Increasing your participation in exercise, comes with a direct increase in health benefits conferred; we all know this to be true. However the extent of our health is not solely dependent on our exercise regime. The way we pace out our weekly exercise regime can significantly change our overall health. In particular, athletes labeled as “weekend warriors”, people who fulfill the recommended amount of exercise in only one or two outings, are labeled as higher risk of developing health issues compared to people who exercise 4-5 times a week.

The Canadian Society for Exercise Physiology recommends that Canadians between the age of 18 and 64 have at least 150 minutes of cardiovascular activity each week (1). If this is stretched out to five exercise days a week, this equates to about 30 minutes per day of cardiovascular activity.  Weekend warriors achieve their recommended amount by exercising for 2 hours or more in a single round, but only once or twice a week (2). The problem here is not that they are exercising for too long. It is perfectly healthy to exercise for two hours in a single session; but only if your body is prepared for it. If our bodies are not used to having long exercise days there can be an increased risk of complications while exercising, for example muscle or heart injuries. A study conducted at Keio University in Japan discovered that while ‘weekend warriors’ have a lower mortality rate compared to sedentary people (about 15% less), they actually have an increased mortality risk when compared to people who exercise more than 3 times per week, and people who exercise infrequently (36% and 25% decrease respectively) (2). The reason for this increased mortality risk as compared to people who do not exercise the recommended amount, yet aren’t completely sedentary, is because they are putting their bodies through shock every time they exercise. As they spend more days being sedentary, when they do exercise, they push their bodies too hard, and this may lead to an increased risk of health complications.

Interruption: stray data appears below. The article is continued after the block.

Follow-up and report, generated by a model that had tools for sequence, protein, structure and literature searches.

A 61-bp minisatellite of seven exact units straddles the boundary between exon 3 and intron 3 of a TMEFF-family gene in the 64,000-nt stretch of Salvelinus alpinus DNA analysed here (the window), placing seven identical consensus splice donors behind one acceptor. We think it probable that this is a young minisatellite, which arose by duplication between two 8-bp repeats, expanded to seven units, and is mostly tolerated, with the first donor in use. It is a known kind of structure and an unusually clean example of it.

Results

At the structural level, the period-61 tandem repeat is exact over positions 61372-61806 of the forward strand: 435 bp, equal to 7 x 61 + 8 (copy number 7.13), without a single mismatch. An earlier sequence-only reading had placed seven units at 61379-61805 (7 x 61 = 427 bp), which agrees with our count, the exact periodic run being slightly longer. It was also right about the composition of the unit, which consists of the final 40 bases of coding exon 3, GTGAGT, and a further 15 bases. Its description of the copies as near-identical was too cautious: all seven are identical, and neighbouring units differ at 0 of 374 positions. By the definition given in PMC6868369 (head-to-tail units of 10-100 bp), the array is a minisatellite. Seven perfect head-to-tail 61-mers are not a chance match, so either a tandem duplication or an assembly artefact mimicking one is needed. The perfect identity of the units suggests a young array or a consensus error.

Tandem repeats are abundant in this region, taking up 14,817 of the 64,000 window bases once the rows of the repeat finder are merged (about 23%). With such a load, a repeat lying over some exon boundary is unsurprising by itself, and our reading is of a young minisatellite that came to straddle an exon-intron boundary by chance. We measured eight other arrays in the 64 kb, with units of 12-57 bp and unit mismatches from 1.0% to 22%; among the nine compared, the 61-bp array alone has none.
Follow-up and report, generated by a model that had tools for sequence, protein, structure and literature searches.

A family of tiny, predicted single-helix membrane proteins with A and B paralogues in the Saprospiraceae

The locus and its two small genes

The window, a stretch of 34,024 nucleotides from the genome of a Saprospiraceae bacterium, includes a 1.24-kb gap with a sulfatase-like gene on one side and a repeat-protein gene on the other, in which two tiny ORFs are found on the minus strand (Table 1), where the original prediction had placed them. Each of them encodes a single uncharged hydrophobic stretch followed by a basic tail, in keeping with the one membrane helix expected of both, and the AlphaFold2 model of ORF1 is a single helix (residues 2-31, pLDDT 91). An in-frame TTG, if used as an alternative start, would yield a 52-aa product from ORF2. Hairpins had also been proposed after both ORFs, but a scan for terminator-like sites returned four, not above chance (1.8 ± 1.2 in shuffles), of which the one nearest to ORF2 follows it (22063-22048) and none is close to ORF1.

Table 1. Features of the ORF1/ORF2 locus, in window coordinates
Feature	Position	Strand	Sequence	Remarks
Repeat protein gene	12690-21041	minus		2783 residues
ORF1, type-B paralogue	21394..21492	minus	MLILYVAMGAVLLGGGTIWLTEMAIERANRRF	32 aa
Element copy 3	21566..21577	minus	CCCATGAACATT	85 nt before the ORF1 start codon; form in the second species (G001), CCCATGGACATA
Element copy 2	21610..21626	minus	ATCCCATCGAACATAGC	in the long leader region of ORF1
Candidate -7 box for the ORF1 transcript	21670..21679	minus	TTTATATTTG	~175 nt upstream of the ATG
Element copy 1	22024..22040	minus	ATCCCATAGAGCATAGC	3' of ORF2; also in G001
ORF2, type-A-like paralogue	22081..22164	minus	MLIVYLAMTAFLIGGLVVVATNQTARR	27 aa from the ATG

Another matter to consider is the nutritional lifestyle of the weekend warriors. A study conducted at the University of Texas at Austin compared weekend warriors to both regular and irregular exercisers, and discovered that on average weekend warriors weighed more than the other two categories (3). The study also discovered that on average, weekend warriors were more likely to eat red meat daily and not meet the recommended amount of fruits and vegetables (3).These discoveries lead into another study, where researchers  tracked elders who were classified as either obese or overweight (4). During testing, 73% of the subjects reported having meals with big serving sizes (4). While the patients underwent 5 months of exercise therapy, their eating habits remained unchanged, and the resulting weight loss was minimal; on average about 1.3kg were lost per person, and only 4.5% body fat was lost (4). Perhaps these lack of results were because their nutritional intake did not improve, even though they did exercise more. This explains why weekend warriors weigh more than people who exercise less than them, as their diet tends to be heavier. As we all know, exercising cannot erase the harm we do to our bodies when we eat unhealthy food. It takes a balance of both consistent exercise and a nutritional diet in order to live a healthy lifestyle.

The main problem that weekend warriors face is finding the time to exercise during the workweek. Thus exercise is put off until the weekend, and generally a hard workout is done to make up for the fact that nothing was done Monday-Friday. Perhaps these athletes feel like they need to do an intense workout every time, but that is not true. A 20 minute walk 3 times a week, plus a high intensity workout could help solve the problems of these individuals. If this is still not attainable because of time constraints, perhaps decreasing the intensity of the workout done on the weekend would minimize harm done.



Canadian Society of Exercise Physiology. Canadian Physical Activity Guidelines. Retrieved on December 11th 2015. www.csep

Lee, I., Sesso, H. D., Oguma, Y., Paffenbarger R. S. (2004). The “Weekend Warrior” and Risk Mortality. American Journal of Epidemiology, 160(7), 636-641.

Kohl, H. W. (2005). The Elderly “Weekend Warrior” and Risk of Mortality. Clinical Journal of Sport Medicine, 15(3), 201-202.

Ha, A. W., Kim, J. H., Shin, D. J., Choi, D. W., Park, S. J., Kang, N. E., Kim Y.S., Eating habits, obesity related behaviours and effects of Danhak exercise in elderly Koreans. Nutrition Research and Practice,

4(4), 295-302